We have an insurance policy limit of $100,000. Does this mean that any medical bills, damages, legal fees, etc. that exceed that limit are my responsibility?

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Jeffrey Johnson is a legal writer with a focus on personal injury. He has worked on personal injury and sovereign immunity litigation in addition to experience in family, estate, and criminal law. He earned a J.D. from the University of Baltimore and has worked in legal offices and non-profits in Maryland, Texas, and North Carolina. He has also earned an MFA in screenwriting from Chapman Univer...

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UPDATED: May 2, 2012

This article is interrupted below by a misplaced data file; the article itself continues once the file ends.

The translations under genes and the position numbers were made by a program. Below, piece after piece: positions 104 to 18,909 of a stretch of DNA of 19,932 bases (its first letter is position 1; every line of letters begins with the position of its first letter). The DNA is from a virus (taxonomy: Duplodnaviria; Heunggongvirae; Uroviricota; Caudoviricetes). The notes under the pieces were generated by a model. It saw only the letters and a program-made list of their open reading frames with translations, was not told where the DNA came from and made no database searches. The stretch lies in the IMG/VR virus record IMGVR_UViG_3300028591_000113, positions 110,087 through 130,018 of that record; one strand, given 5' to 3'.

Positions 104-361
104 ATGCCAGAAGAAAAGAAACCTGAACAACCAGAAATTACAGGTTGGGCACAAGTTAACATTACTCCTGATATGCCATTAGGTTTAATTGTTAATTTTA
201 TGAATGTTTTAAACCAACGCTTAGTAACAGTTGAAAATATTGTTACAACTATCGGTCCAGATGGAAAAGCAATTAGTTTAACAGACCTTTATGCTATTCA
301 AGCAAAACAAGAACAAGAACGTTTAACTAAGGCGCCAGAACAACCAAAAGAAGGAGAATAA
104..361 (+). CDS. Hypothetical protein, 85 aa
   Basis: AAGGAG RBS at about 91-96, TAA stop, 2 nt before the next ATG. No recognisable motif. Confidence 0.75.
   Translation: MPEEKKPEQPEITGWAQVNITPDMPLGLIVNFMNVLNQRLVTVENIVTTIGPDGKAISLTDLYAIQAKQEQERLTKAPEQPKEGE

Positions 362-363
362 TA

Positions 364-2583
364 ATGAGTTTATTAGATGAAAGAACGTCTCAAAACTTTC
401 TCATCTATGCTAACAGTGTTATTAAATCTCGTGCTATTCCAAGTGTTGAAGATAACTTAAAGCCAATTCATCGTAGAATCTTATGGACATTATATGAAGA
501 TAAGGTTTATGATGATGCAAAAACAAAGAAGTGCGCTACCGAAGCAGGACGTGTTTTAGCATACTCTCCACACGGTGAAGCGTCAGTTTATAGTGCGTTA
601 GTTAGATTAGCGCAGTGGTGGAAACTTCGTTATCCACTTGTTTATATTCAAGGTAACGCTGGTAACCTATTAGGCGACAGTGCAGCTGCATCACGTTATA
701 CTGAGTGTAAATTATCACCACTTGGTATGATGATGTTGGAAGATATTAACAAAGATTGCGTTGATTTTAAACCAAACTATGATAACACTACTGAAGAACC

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Your insurance company is only obligated to pay up to the policy limits in settlement or after a court judgment. However, if you actually go to trial and obtain a jury verdict over the policy limit, the defendant will personally be on the hook for the overage. Or, in rare circumstances, if your attorney makes a “policy limit demand” and the insurance company rejects the demand, then after judgment the insurance company could be on the hook to pay all of the judgment, no matter what the amount. The liability that remains above your primary insurance coverage is called excess liability. If you have an umbrella policy or an excess liability policy, that policy might offer you coverage for your excess liability, or at least part of it.

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